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What older generations can be great at is having a heart to help a particular child or young person, having the pastoral skills to see when they are struggling and to help them.
Intergenerational, all-age, all-together, call it what you like this can mean different things to different people depending on our context, our setting, even our age! But what does this mean in the context of additional needs inclusion? Well, again it can mean something different to everyone you ask, but here are a few different ways we’ve been thinking about intergenerational inclusion that you might find helpful in your setting:
Intergenerational Inclusive Services
Perhaps the first place we look to see intergenerational inclusion happening is in our main church services; seeing people of all ages coming together to worship, praise and pray to our amazing God, while being community together. It isn’t about slotting a game, a puppet show, or a couple of children’s songs into a traditional service; it might not even be about a service at all!
It might be very informal, more about people of all ages and abilities coming together to enjoy each other’s company, to spend time together, maybe to share food, maybe to offer different opportunities for faith expression and development along the way, supporting each other and engaging with each other as family. Maybe it’s a bit like what church was in the beginning!
My friend and co-founder of the Additional Needs Alliance, and Evangelical Alliance council member, Kay Morgan-Gurr comments that “Allowing young and old to get to know each other in more informal settings allows relationships to grow as well as faith. It’s not just about Sundays. Intergenerational church is learning, worshiping and growing in our relationship with Jesus together, as a Church family.”
It could be loosely organised, an example being Messy Church SEND (Special Educational Needs and Disabilities) which takes the successful Messy Church model and helps to make it accessible across a wide range of additional needs and ages. Using simple practical ideas to help everyone to understand and engage with what is happening, providing a range of communication methods such as symbols and sign language as well as speech, and thinking creatively about how we can all serve and support each other as we spend time with each other and with God.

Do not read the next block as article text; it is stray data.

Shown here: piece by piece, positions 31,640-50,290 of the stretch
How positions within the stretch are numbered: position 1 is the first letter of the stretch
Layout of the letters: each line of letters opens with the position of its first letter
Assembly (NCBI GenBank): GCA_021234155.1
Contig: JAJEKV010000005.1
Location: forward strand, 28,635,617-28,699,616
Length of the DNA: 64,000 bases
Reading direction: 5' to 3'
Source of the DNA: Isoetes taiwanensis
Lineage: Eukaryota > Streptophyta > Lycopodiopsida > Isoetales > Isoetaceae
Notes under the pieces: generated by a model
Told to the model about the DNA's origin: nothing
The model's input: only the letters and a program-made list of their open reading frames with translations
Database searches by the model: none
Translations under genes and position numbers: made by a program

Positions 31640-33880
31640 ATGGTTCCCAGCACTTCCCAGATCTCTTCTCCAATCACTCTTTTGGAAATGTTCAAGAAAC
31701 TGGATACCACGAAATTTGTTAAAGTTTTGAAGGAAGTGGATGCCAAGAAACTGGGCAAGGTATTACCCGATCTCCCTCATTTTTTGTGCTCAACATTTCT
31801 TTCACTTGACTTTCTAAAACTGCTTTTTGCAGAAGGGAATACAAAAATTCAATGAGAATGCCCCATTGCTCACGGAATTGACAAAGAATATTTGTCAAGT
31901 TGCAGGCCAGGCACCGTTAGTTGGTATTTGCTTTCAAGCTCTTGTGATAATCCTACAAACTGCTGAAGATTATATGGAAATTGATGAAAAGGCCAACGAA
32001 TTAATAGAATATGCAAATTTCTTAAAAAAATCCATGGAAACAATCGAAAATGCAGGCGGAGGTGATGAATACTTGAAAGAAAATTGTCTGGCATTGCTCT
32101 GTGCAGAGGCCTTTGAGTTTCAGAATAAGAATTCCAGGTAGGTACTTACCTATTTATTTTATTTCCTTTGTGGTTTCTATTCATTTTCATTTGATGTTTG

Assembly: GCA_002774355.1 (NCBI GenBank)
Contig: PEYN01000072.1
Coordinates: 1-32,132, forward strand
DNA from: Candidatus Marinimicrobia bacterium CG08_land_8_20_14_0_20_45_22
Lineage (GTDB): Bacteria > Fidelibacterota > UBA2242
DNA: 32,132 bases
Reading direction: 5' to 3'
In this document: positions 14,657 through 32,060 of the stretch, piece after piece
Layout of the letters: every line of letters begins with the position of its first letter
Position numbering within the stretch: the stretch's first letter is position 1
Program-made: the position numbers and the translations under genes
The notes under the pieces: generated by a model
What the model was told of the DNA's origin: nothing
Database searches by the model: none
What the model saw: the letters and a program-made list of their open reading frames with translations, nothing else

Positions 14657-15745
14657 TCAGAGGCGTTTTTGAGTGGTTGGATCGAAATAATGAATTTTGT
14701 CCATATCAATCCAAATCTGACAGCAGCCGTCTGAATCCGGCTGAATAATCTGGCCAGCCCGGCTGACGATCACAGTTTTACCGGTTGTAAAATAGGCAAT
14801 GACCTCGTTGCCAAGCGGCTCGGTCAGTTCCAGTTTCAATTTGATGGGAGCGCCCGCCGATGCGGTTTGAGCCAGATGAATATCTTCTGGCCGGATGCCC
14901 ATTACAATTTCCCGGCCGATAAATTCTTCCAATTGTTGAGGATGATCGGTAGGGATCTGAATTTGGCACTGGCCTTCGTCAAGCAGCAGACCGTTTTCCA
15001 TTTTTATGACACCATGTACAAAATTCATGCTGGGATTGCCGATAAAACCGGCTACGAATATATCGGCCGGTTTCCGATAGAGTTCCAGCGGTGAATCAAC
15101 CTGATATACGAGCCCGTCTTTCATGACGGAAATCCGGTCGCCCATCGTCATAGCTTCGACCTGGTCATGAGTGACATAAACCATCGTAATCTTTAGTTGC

Another option might be Scripture Union’s ‘Explore Together’ programme, which “… is a fresh, new, exciting and creative way to enable groups of any and all ages to engage with the Bible. It encourages the exploration of the Bible using natural learning preferences and preferred spiritual styles.” The programme enables people of all ages and a wide range of abilities to explore, learn about, and hear from God together.
Intergenerational Inclusive Support
Where intergenerational inclusion in church is done well, there are often unsung heroes working in the background that care for and support people of all ages with additional needs and disabilities. They get alongside children and young people who need additional support and provide them with the help, encouragement, confidence and care they need to cope, thrive and benefit from their time at church.